Rahul Sharma (Editor)

Neo progressive rock

Updated on
Share on FacebookTweet on TwitterShare on LinkedInShare on Reddit
Covid-19
Cultural origins  Early 1980s, England
Typical instruments  Guitar keyboards
Stylistic origins  Progressive rock hard rock post-punk funk rock

Neo-progressive rock (also known as neo-prog) is a subgenre of progressive rock, which developed in the UK and achieved popularity in the 1980s. Several bands from the genre have continued to record and tour.

Contents

Characteristics

Neo-progressive rock (or simply "neo-prog") is characterized by deeply emotional content, often delivered via dramatic lyrics and a generous use of imagery and theatricality on-stage. The music is mostly the product of careful composition, relying less heavily on improvised jamming. The subgenre relies very much on clean, melodic & emotional electric guitar solos, combined with keyboards. The main musical influences on the neo-prog genre are bands from the first wave of progressive rock such as early Genesis, Camel, and to a lesser extent, Van der Graaf Generator and Pink Floyd. Funk, punk and hard rock were also influences on the genre.

History

In the book "The Progressive Rock Files", author Jerry Lucky dedicates a chapter to neo-progressive rock with the title "A Neo Beginning!", stating that this subgenre "surfaced in late 1981, bearing testimony to the lasting values of this musical form" of progressive rock, but distinguishing it from this main genre by going on to say that "Sure the sound was a bit different ... a little more bite, a little more eighties". Later in the same book, Jerry Lucky suggested that this subgenre of progressive rock peaked in the mid-1980s: "As 1984 dawned all of the British neo-progressive rock bands release material. Marillion's second Fugazi, Pallas' The Sentinel, Pendragon's Fly High Fall Far, Twelfth Night's Art and Illusion, Solstice's Silent Dance, Quasar's Fire in the Sky and plenty of others including records from Haze C'est La Vie, Craft, Mach One Lost For Words, BJH Victims of Circumstance, The Enid The Spell, and others".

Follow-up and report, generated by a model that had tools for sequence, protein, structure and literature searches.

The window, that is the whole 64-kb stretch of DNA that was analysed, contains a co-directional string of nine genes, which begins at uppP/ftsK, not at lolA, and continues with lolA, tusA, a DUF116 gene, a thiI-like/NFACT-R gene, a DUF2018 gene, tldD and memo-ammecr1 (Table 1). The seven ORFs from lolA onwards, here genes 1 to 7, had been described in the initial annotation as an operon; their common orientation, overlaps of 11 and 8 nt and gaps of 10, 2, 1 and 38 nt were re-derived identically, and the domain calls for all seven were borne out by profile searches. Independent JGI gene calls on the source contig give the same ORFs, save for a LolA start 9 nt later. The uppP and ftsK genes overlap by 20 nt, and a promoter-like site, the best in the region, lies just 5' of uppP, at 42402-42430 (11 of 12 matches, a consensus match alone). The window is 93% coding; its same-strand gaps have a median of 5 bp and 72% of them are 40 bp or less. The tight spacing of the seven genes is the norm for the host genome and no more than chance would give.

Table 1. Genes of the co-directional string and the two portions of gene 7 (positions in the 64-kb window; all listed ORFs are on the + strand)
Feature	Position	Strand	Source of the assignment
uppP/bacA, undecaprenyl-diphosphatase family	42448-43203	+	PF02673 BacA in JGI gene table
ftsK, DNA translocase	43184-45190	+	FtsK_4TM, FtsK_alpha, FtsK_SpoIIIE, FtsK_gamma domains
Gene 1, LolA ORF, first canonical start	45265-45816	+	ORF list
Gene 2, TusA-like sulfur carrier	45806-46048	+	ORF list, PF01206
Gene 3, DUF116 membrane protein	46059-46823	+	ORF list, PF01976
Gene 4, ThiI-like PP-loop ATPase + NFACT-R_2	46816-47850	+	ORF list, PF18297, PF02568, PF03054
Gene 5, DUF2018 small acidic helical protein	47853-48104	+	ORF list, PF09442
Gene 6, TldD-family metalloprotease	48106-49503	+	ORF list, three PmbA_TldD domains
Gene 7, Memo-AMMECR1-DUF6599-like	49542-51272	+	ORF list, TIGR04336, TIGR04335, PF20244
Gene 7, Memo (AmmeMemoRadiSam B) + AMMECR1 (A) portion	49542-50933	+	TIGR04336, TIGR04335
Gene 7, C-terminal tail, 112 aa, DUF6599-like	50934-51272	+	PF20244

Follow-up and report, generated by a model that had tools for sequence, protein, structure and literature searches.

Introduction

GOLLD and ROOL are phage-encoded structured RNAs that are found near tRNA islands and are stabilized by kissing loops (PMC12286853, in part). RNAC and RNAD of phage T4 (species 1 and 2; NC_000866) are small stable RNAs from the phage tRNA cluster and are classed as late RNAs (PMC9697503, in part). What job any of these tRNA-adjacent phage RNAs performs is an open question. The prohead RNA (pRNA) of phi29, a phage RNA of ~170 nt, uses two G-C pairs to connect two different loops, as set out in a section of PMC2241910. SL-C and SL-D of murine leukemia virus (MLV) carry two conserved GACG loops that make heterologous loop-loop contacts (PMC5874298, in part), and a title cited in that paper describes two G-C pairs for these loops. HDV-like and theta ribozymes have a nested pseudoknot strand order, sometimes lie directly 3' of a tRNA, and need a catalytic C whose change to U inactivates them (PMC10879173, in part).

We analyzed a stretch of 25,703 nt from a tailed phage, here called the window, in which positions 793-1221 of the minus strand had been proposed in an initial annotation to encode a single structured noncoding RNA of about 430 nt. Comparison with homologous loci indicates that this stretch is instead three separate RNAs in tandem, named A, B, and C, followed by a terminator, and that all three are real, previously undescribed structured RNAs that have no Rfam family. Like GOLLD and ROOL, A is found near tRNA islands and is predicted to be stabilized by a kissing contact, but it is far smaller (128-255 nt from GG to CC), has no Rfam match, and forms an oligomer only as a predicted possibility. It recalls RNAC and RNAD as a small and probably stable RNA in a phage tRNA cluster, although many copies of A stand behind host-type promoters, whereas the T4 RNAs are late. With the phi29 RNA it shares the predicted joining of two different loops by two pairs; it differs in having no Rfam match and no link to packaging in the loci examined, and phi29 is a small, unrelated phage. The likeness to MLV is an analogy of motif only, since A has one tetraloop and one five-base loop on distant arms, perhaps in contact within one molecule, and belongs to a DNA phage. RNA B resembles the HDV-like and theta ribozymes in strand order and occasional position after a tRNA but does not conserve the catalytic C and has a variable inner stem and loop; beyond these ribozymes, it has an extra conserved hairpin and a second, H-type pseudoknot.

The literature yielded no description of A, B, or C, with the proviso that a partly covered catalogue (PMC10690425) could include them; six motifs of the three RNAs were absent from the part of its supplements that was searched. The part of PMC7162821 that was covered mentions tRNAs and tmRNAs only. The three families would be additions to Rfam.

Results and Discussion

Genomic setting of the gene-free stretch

A predecessor to this genre was the Enid, who fused rock with classical but were more heavily influenced by Ralph Vaughan Williams than by more modern composers. The change of approach can be heard in the shift toward shorter compositions and a keyboard-based sound in Rush albums such as Grace Under Pressure. Neo-progressive bands emphasized individual solos instead of group improvisation, and they included more world-music elements. Lyrics became more personal and less esoteric. Concept albums were still created, but not as frequently and on a smaller scale. Digital synthesizers took over many of the roles formerly filled by bulkier keyboards such as Mellotrons and organs, and their modern sound tended to minimize the folk influences that had been typical of 1970s progressive rock. Heavy metal bands such as Iron Maiden and Queensr├┐che began to explore the mythological themes and extended concepts that had previously been the territory of progressive rock.

Early neo-prog was marked by sophisticated lyrics and often dark themes. While the accessibility of neo-prog to the mainstream is debatable, the form did generally seem more radio-friendly, with shorter and less complex songs than earlier progressive rock. Nonetheless, neo-prog never achieved the heights of popular success that the first wave of progressive rock in the 1970s did, with only one band, Marillion, achieving arena status. Marillion achieved major success across Europe in particular and produced eight top ten UK albums between 1983 and 1994, peaking in popularity with their album Misplaced Childhood in 1985, which topped the UK album chart and produced two top five hit singles in the UK. The album has been called "the cornerstone of the entire 'neo-prog' movement". Following this peak, neo-prog declined in popularity as a genre, although several bands have continued to record and tour, with Marillion in particular maintaining a large cult following. Progressive rock has continued with genres such as new prog and the alternative rock band Radiohead's ambitious work has been credited with inspiring a revival of interest in progressive rock.

References

Neo-progressive rock Wikipedia


Topics
 
B
i
Link
H2
L